The farm has been pretty quiet since we trench-composted and leafed up most of our beds for winter. But spring is creeping onto the horizon! GreenThumb just announced their annual conference, which kicks off the season in NYC. All our members who have attended have gotten so much out of this day of workshops — this year’s topics include: food systems education, kids’ activities, vegetable growing techniques, and community garden design for the present and future.
Sat, March 30, 2019 8:00 AM – 4:00 PM EDT
CUNY GRADUATE CENTER, 365 5TH AVENUE
After weeks of muggy weather, fall dropped just in time for our Open House. We had a small but enthusiastic group of visitors helping us find the bugs in the compost and the snails pretty much everywhere. We also harvested the last of our tomatoes (many still green), plus more okra, peppers, and green beans, and picked a lot of wild asters. We’ve been slowly planting some fall crops, including brassicas and root veggies. We may try some winter planting experiments this year as well.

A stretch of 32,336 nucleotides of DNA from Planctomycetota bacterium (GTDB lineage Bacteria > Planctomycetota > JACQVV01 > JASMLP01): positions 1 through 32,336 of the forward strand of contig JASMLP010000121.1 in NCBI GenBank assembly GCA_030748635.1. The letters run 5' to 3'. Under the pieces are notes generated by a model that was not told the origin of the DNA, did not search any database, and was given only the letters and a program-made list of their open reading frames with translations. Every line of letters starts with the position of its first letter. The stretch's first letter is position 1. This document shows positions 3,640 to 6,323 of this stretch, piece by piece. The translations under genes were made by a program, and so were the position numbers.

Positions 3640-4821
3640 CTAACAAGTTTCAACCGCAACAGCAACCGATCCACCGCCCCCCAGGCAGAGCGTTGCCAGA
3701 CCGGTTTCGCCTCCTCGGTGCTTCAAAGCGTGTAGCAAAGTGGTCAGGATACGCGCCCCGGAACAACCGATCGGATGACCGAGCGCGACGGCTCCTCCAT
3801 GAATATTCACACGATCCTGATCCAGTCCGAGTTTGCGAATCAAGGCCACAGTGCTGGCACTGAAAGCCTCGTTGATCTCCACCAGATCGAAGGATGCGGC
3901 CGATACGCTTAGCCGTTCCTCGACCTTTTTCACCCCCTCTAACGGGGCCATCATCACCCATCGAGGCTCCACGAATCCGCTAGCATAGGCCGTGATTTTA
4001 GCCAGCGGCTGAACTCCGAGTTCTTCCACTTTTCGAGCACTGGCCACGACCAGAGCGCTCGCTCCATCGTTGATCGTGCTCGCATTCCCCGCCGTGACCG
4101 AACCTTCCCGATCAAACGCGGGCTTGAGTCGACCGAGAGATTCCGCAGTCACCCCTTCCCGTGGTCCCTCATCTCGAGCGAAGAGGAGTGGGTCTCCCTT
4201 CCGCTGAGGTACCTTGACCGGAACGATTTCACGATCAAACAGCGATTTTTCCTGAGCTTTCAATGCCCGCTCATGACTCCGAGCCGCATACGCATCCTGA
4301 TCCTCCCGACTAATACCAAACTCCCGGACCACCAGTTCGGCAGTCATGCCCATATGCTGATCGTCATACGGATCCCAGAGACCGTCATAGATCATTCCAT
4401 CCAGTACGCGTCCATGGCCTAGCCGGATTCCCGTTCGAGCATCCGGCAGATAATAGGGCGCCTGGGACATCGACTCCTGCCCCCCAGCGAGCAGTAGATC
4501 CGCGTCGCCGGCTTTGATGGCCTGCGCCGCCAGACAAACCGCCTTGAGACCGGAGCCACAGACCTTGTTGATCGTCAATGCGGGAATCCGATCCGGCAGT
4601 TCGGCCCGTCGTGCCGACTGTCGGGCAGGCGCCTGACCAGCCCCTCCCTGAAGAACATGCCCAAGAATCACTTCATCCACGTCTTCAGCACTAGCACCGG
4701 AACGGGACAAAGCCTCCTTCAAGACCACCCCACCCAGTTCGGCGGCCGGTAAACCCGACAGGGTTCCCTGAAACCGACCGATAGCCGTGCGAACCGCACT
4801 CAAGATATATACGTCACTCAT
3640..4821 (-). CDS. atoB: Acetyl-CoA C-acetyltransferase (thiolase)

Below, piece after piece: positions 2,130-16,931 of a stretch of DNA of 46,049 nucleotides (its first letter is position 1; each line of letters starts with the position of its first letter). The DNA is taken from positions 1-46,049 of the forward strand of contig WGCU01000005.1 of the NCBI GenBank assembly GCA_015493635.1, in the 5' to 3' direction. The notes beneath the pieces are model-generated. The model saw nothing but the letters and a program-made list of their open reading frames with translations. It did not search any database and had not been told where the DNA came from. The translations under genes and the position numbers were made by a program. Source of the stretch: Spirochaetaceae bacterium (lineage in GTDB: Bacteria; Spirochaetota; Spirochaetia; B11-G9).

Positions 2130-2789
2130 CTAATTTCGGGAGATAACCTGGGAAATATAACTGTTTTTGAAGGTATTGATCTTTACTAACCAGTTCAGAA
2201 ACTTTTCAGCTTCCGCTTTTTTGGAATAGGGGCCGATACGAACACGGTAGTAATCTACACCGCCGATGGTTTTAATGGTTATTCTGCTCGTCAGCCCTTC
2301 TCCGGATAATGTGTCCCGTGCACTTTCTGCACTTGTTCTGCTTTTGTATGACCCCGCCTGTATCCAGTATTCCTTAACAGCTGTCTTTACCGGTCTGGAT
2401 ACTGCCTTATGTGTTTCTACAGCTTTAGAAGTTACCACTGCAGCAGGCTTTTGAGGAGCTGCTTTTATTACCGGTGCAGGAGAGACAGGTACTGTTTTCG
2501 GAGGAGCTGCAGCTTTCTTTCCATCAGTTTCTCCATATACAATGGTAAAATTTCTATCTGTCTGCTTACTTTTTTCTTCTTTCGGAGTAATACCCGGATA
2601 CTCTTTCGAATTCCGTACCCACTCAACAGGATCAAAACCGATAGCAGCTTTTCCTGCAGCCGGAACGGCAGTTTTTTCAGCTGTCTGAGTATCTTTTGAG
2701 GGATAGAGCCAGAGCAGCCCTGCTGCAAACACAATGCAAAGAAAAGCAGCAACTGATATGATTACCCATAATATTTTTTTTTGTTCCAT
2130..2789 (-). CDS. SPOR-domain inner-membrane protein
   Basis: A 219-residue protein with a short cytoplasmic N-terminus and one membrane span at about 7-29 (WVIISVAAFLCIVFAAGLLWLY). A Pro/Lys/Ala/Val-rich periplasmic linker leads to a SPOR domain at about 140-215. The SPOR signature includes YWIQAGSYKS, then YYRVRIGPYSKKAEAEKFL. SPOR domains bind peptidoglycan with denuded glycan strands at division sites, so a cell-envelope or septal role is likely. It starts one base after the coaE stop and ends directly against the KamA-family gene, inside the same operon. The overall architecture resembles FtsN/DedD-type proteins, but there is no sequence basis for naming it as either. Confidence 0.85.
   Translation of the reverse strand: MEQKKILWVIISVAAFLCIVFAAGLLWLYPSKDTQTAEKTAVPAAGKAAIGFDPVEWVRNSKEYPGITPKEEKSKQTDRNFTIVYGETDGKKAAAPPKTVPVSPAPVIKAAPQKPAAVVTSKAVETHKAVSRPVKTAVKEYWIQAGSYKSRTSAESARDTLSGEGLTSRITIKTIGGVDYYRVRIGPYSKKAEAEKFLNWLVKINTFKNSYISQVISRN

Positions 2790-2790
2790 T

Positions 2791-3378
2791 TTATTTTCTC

Cooler temperatures are definitely settling in with the arrival of fall. While our tomatoes are pretty much done, we’re starting to harvest squashes — both the butternuts we planted and the delicata that volunteered along the fence line. We have one more watermelon on the vine, plus peppers and eggplants still ripening. We’re trying to pull up all the morning glory we find along the fence, since it’s such a prolific seeder and takes over, binding the plants we want along the way. But it’s hard when it looks so pretty.
As we harvest and pull up spent crops, we’re starting to plant for cooler temps — arugula and spinach sowed by seed and brassicas started by seed for later transplanting. Coming next will be some cover crops and perhaps some winter planting experiments.